Sisters in Recovery
My sister and are were thick as thieves growing up… and eventually started using drugs together and literally began thieving together. This went on for years and eventually we stopped getting along once I fell in love with Heroin and she fell in love with Methamphetamine – somehow, we just weren’t compatible anymore. Go figure.
Well, by the grace of god, I stumbled into the rooms of Narcotics Anonymous and have stayed clean since Dec. 2002. My sister kept using. Once I found out that there was another way to live, free from the chains of active addiction and away from the horrors that a using addict feels trapped by, I wanted her to know all about how happy I was. I wanted her to know that every emotion I felt was 10 times better when I experienced it clean (even the not-so-nice feelings). I wanted her to know that meetings and the 12-steps weren’t as lame as TV or movies had made them seem. I wanted her to know it actually took a lot more effort to get and use and find ways and means to get more drugs than it did to just stay clean and go with the flow of nature (totally appealing to the lazy addict). I wanted her to know that through the help of a sponsor and stepwork, I was actually beginning to accept myself, and work to improve in my areas of weakness. I wanted her to know everything beautiful I had experienced. Most of all, I wanted her to know that if I could do it, she could do it.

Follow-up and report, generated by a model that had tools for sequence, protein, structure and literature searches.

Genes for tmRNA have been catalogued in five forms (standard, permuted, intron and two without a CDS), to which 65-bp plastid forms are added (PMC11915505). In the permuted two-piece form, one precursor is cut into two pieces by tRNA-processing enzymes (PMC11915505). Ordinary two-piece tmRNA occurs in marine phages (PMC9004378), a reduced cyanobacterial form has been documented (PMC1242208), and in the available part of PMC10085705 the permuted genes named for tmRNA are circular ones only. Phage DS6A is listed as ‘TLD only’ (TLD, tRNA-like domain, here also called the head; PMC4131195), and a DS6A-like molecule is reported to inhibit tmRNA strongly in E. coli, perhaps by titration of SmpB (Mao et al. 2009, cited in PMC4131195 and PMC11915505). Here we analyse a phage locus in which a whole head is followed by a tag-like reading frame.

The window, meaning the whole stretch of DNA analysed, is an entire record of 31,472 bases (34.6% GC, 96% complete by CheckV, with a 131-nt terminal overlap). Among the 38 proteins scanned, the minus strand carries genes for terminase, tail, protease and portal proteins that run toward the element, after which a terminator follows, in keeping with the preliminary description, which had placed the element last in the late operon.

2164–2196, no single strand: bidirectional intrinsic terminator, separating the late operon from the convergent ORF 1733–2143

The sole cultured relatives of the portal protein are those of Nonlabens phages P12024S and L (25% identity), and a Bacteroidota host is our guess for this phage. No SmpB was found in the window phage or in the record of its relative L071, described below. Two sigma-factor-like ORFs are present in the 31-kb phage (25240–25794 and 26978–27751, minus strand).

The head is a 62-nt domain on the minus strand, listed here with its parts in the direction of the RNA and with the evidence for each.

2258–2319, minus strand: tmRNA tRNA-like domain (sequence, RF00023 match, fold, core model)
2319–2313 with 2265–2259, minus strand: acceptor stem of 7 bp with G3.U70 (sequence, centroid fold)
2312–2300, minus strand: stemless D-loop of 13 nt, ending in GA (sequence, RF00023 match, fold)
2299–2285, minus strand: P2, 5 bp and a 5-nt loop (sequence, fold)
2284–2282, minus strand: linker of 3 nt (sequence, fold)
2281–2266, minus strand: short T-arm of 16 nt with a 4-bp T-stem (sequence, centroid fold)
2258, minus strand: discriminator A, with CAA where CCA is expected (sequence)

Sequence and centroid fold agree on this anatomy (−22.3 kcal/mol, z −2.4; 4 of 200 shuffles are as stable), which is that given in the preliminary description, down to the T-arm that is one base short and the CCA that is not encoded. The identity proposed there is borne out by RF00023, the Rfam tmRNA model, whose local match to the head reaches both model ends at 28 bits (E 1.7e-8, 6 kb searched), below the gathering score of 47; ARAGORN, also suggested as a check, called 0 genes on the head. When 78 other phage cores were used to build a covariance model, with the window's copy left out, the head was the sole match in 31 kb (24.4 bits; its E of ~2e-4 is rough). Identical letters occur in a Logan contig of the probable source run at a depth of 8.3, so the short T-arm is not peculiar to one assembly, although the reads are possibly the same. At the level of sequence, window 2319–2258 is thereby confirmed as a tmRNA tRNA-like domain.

So I tried to tell her, but she didn’t care. I was devastated. Here I was, showing her a way out, that she didn’t have to live like that anymore and she just didn’t care! My vision of the two of us skipping off to meetings together in the sunset was smashed! My NA sponsor told me I was powerless over other people (places, things), in addition to being powerless over my addiction (step 1), which I found very irritating. She said the only things I had power to do were being a living example of the program of NA in action and pray for her. Sigh.
I’ve been praying for years. Five years, nine months and eleven days of prayer that my sister finds her path, whatever it may be (I eventually realized that god’s will might not look the same as my vision of what her process should be… ugh). At the end of every NA meeting, we have a moment of silence for the addict who still suffers, inside or outside the walls (meaning clean or still using). My sister’s name is the first name that I think of; it always will be. She means everything to me.
…On Saturday I visited my sister at her Drug Rehab. She just got a sponsor in Narcotics Anonymous J and now has over 90 days clean. She introduces me to her rehab buddies as “This is my sister, she has 5 years clean,” with pride in her voice. Tears come to my eyes as I write this; I can’t express how much gratitude I have that she has found her way to the beginning of her process and I’m so honored to be able to be a part of it.